Sigh of relief. Millions will not be so lucky.

If my information had been part of the stolen data,  I can sign up for free credit monitoring through Equifax’s TrustedID, a service that usually costs you a hefty fee. 

But soon a story began circulating that, should you choose to sign up for TrustedID, you were also signing away your legal rights to sue the company over the data breach and would instead have to avail yourself of forced arbitration with the company.

The clause in the terms you agree to when you sign up for TrustedID at any time as a paying or free customer says this:

This arbitration will be conducted as an individual arbitration. Neither You nor We consent or agree to any arbitration on a class or representative basis, and the arbitrator shall have no authority to proceed with arbitration on a class or representative basis. No arbitration will be consolidated with any other arbitration proceeding without the consent of all parties. This class action waiver provision applies to and includes any Claims made and remedies sought as part of any class action, private attorney general action, or other representative action. By consenting to submit Your Claims to arbitration, You will be forfeiting Your right to bring or participate in any class action (whether as a named plaintiff or a class member) or to share in any class action awards, including class claims where a class has not yet been certified, even if the facts and circumstances upon which the Claims are based already occurred or existed.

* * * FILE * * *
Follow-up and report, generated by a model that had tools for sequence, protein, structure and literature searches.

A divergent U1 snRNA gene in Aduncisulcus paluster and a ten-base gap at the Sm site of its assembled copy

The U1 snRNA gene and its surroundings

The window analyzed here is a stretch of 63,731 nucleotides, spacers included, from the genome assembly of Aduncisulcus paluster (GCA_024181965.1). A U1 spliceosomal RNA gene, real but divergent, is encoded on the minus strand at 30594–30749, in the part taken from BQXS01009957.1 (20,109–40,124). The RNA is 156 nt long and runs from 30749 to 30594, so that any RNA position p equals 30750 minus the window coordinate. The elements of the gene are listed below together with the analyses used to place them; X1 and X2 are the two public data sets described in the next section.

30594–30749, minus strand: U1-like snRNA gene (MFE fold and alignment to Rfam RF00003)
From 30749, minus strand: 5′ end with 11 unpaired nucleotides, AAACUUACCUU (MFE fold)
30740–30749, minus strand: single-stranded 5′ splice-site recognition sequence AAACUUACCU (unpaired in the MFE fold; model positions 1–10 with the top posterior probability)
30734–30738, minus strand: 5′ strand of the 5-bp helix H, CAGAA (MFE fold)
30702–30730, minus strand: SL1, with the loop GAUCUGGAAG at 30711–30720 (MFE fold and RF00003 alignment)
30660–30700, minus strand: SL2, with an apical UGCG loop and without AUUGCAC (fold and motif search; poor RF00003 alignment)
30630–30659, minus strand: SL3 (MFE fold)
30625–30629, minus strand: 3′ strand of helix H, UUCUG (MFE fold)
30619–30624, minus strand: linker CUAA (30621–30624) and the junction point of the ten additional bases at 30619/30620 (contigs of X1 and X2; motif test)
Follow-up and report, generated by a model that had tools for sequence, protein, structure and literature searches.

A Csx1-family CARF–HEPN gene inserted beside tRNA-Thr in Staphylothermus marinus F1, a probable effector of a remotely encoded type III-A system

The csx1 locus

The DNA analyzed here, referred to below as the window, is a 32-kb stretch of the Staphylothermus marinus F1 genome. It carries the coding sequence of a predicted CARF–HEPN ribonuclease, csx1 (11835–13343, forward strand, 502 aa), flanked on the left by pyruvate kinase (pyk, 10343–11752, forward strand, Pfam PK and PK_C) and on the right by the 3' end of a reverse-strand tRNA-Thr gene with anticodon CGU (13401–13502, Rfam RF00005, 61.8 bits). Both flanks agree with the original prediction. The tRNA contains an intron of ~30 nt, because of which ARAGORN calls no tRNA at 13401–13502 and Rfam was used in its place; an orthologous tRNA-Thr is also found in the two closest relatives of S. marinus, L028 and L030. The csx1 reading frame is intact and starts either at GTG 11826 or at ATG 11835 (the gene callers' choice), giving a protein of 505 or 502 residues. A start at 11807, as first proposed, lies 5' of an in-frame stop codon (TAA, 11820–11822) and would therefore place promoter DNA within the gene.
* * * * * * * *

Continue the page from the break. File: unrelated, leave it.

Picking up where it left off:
That seems to me as if it might force you into arbitration over any potential damage done to you by the data breach, instead of you retaining the legal right to insert yourself into any single or class-action lawsuit which might arise over the incident.

The language also seemed fuzzy enough for New York State Attorney General Eric Schneiderman to get involved in discussions with company officials over the clause.

After those talks, Equifax added this to their web site:

The arbitration clause and class action wavier included in the TrustedID Premier Terms of Use applies to the free credit file monitoring and identity theft protection products, and not the cybersecurity incident.

So the forced arbitration clause does apply to anyone who signs up for TrustedID at any time, and it does indeed require you to choose forced arbitration over lawsuits against that service EXCEPT for the data breach incident in this week’s headlines

This incident speaks to one important issue: Absent any meaningful leadership on the national level on these consumer financial issues in a Congress (Democrats and Republicans) that is mostly in the pockets of Wall Street, certain state attorneys general continue to be the watchdogs that protect millions of us from the worst abuses of industry.

If you want to know more about the issues of arbitration (which can be a good thing) and forced arbitration clauses (which can be bad things) read this excellent information from the National Association of Consumer Advocates.

Agency protecting everyone from banks still on chopping block

Dear Precious Angry Collegiate Snowflakes Who Voted Anyone-But-Clinton:

Congratulations. The only thing standing between you and the big banks owning your student loan ass for most of your adult lives — the Consumer Financial Protection Bureau (CFPB) — is likely going away under the Trump administration, as this article in today’s Chicago Tribune makes clear:

Trump’s transition advisers already are evaluating ways to legally fire CFPB Director Richard Cordray, according to people familiar with the matter. If they move forward with such a plan, many Republicans want Trump to replace him with someone committed to dismantling the agency. In Congress, another aggressive tactic being considered is forcing through an overhaul of CFPB funding so lawmakers can starve it of money.